Fair Pay Isn't Always Equal Pay...Right?
The Senate is considering a bill that would make it easier for women to sue their employers for wage discrimination on the basis of sex. While the bill has received support from women’s organizations and President Obama, who referred to it as “a common-sense bill,” the author of this New York Times article (interestingly enough, a woman) was not so sure that the bill was a good idea. Essentially, the author argued that though women currently earn 77 cents for every dollar that men earn, this statistic ignores other factors determining salary. Historically speaking, men are likely to have had stronger educational experiences than their female counterparts if they were educated more than about 30 or 40 years ago. Similarly, they might have more experience and tenure simply because their field has been open to them longer than it has been open to women. Interestingly, “young, childless, single urban women earn up to 8% more than their male counterparts,” according to a recent survey. The gap, the author says, is shrinking to the point of disappearing.
Meanwhile, the bill would “hold employers liable for the ‘lingering effects of past discrimination’ – ‘pay disparities’ that have been ‘spread and perpetuated through commerce.’” Therefore, employers would not only have to ensure that it was not intentionally discriminating against women, but also to monitor potentially sexist suppositions behind the way the market drives wages, which may or may not be sexist. Employers, faced with millions of dollars of damages and bad publicity, would be likely to settle even if they were entirely innocent. The article concluded with the following two sentences:
“The Paycheck Fairness bill would set women against men, empower trial lawyers and activists, perpetuate falsehoods about the status of women in the workplace and create havoc in a precarious job market. It is 1970s-style gender-war feminism for a society that should be celebrating its success in substantially, if not yet completely, overcoming sex-based workplace discrimination.”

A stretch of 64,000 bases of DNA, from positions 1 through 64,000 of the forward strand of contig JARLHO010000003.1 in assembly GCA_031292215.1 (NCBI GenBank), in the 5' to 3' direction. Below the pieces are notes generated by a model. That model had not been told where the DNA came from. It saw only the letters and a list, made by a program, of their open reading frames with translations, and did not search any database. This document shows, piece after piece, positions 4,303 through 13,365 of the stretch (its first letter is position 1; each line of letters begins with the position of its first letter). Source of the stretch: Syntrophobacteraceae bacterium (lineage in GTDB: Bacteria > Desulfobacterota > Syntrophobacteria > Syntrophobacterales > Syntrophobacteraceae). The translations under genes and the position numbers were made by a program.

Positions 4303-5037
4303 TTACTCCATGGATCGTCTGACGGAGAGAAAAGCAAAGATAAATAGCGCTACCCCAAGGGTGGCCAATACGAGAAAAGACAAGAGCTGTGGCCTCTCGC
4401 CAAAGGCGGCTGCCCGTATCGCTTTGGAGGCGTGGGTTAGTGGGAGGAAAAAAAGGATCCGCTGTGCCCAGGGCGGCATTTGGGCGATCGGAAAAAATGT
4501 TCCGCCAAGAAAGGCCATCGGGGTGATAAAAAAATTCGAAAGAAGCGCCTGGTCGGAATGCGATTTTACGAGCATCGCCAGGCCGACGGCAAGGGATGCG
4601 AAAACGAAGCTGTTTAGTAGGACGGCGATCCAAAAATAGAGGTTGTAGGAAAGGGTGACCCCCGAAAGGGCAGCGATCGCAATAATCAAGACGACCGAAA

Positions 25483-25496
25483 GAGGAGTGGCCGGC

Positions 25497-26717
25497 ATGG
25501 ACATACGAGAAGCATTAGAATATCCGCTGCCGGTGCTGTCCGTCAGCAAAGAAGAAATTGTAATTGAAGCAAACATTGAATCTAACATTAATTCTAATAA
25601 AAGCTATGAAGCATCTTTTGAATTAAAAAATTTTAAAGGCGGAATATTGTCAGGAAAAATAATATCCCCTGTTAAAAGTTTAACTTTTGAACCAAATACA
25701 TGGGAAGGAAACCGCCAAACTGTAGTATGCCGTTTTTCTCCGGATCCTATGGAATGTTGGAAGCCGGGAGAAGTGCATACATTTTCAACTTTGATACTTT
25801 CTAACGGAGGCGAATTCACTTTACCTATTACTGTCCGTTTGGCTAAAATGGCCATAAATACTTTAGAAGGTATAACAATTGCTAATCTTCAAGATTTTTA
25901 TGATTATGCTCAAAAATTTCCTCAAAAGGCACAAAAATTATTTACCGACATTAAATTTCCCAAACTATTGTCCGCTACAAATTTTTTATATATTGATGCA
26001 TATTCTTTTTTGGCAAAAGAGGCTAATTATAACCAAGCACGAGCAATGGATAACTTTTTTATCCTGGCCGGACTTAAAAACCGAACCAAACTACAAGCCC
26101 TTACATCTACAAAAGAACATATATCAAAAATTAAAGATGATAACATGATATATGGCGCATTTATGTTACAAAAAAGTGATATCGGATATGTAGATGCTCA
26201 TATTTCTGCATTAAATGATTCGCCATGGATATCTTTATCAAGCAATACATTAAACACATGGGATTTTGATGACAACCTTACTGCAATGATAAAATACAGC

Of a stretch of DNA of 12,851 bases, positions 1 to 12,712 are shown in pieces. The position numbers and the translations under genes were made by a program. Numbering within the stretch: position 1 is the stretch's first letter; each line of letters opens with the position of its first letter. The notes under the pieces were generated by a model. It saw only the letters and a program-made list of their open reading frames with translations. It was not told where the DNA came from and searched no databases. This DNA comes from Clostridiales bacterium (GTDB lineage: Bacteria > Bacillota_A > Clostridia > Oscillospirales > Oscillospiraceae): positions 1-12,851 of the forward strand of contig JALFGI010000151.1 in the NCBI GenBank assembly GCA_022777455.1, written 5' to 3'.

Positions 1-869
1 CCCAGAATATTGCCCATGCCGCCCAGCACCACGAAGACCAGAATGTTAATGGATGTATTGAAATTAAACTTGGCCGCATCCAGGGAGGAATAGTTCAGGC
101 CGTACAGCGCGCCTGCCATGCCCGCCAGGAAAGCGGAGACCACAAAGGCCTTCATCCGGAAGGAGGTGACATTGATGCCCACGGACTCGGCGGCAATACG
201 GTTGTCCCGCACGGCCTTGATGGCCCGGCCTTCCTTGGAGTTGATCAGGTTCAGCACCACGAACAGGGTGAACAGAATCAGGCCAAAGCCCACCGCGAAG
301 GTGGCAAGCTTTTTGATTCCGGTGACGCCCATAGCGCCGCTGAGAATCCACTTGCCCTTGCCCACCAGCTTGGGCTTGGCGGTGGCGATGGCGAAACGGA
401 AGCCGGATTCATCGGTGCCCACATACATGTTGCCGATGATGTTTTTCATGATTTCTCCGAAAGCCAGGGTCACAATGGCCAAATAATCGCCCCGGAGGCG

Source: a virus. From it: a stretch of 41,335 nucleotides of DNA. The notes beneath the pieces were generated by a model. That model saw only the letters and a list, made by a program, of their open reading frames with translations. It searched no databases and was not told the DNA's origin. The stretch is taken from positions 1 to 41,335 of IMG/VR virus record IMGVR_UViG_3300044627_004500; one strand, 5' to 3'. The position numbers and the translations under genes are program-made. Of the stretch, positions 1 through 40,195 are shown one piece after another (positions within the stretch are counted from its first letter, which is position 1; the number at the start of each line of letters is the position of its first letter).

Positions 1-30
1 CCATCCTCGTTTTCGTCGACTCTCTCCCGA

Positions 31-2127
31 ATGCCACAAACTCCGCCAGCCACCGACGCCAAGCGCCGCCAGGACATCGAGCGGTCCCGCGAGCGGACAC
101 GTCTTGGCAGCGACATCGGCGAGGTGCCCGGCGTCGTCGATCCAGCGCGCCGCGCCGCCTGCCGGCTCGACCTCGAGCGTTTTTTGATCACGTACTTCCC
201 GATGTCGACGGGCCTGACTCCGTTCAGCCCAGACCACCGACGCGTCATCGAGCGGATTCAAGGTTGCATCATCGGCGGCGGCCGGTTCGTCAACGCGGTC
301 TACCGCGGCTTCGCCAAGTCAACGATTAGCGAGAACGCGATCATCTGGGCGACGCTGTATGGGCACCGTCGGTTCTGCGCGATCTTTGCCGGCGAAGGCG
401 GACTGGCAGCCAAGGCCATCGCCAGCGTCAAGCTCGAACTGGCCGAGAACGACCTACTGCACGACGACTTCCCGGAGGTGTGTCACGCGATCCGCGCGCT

Now, I don’t buy that wage discrimination has disappeared. I think that by the time I’m in a position to hire other people, it may have been effectively eliminated because my generation has grown up in a climate where discrimination is seen as a great moral wrong (which it is). I am also aware that, at least in the U.S., most college campuses have more women than men, suggesting that the education factor may slide the other way. In 50 years, could we be looking at a market that discriminates against men?
Again, I doubt it, but debate on the subject of what, if any, wage discrimination is occurring is crucial. As a female, I would like to be paid on the basis of my credentials and my relative productivity, not on the basis of my sex. But the line is blurrier than it at first might seem. No one would argue that discrimination isn’t occurring when two individuals whose only difference is their sex are paid two different salaries. Of course, since no two individuals are identical, the situation is never this clear-cut.
The question I pose, then, is at what point do we do as the author of this article suggests, move on? At what point have we succeeded in “overcoming sex-based workplace discrimination,” and when do we stop legislating against it? What does it even mean to have succeeded in overcoming it?
More articles in WMC FBomb by Category: Economy, Education, Feminism
More articles in WMC FBomb by Tag: Activism and advocacy, Gender bias, Equal Pay, Sexism, News